King's first novel since Bag of Bones (1998) builds on the stylistic improvement begun with his splendidly well-written The Green Mile (1996).
Dreamcatcher may at first seem a falling off, as the opening pages crank up the plot and four lads in Derry (see It and Insomnia) exchange vulgarities, but by the halfway point an immense fluff of seeming irrelevancies coalesce into a tight storyline and King has well and truly roped readers for the big ride. The four lads—Gary "Jonesy" Jones, Joe "Beaver" Clarendon, Henry Devlin, and Pete Moore—rescue retarded Douglas "Duddits" Cavell from gross bullying by big Richie Grenadeau. Later, in a communal dream, the four boys and Duddits find Richie beheaded in a ditch, a horror revealed piecemeal over several hundred pages that turns out to be real. The five have literally dreamed Richie dead. This spine-shaking ability comes up against a huge psychic enemy: the invasion of the planet by a thinking fungus that means to take over all species. King hints at a debt to Brian Lumley's great short story "Fruiting Bodies" and tells how the red fungus (called "the Ripley" after Sigourney Weaver's character in Alien) represents all the ETs we have seen in films by Spielberg, Cameron, and others. Twenty-five years later, Jonesy is a history teacher, Henry a shrink bedeviled by suicide, Pete a car salesman, and Beaver a happy-go-lucky partygoer losing his wife. The men meet for a week of deer hunting up in Maine. What they find is the red fungus, escaped from a crashed UFO destroyed by the Air Force and spreading like superflu in The Stand. Only the seemingly retarded Duddits can summon the Dreamcatcher that draws them together and gives them the force to fight a human villain: Kurtz (yes, that Kurtz), a psychotic military officer killing "grayboy" aliens and all humans infected by the Ripley.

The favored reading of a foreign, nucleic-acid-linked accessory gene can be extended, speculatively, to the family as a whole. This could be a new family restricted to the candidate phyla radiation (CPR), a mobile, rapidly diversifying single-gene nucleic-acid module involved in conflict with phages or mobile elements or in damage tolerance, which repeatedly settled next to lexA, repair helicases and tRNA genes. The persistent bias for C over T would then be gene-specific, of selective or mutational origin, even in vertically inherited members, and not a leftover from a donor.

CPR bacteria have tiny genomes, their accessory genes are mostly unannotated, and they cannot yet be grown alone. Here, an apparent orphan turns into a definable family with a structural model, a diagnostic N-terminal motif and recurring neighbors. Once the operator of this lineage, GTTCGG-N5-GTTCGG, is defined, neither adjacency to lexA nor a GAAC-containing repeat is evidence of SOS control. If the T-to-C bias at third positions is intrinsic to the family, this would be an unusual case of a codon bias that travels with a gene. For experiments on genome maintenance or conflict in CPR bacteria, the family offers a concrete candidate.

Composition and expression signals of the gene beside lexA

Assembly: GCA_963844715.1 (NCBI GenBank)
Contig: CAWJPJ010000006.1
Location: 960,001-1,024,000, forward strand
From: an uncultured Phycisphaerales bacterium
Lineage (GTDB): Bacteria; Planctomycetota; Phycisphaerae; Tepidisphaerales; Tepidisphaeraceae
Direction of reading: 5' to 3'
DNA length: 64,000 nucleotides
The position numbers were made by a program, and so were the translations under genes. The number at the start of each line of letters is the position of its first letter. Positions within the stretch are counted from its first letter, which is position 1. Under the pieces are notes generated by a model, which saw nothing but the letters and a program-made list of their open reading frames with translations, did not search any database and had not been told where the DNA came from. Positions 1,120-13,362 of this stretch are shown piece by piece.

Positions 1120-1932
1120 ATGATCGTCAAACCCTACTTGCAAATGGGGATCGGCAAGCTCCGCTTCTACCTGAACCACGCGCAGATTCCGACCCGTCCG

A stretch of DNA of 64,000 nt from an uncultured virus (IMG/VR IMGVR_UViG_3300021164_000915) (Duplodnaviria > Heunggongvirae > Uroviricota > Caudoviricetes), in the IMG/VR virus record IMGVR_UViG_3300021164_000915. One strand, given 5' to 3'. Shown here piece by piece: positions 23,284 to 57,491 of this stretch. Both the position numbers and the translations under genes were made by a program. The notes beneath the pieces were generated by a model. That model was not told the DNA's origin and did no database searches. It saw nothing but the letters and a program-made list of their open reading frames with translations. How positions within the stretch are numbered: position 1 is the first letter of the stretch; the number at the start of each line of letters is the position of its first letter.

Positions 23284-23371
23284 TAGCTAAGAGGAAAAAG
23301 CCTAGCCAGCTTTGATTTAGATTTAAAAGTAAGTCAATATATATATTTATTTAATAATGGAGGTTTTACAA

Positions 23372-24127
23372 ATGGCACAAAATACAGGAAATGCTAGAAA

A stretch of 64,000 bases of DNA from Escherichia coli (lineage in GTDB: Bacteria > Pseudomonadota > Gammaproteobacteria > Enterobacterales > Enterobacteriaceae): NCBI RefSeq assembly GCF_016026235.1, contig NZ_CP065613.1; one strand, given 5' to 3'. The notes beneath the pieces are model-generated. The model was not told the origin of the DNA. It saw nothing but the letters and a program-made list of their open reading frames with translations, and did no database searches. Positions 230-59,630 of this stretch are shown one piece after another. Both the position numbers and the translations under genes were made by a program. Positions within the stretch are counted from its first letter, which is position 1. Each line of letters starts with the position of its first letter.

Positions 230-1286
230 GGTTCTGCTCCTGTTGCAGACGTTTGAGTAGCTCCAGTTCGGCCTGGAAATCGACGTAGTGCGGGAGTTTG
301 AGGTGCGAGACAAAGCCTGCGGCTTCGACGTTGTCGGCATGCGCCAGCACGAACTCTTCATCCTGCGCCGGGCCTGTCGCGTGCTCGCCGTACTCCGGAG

Top suspense with a surreal climax you'd have to read twice if the epilogue didn't spell out its layered complexities.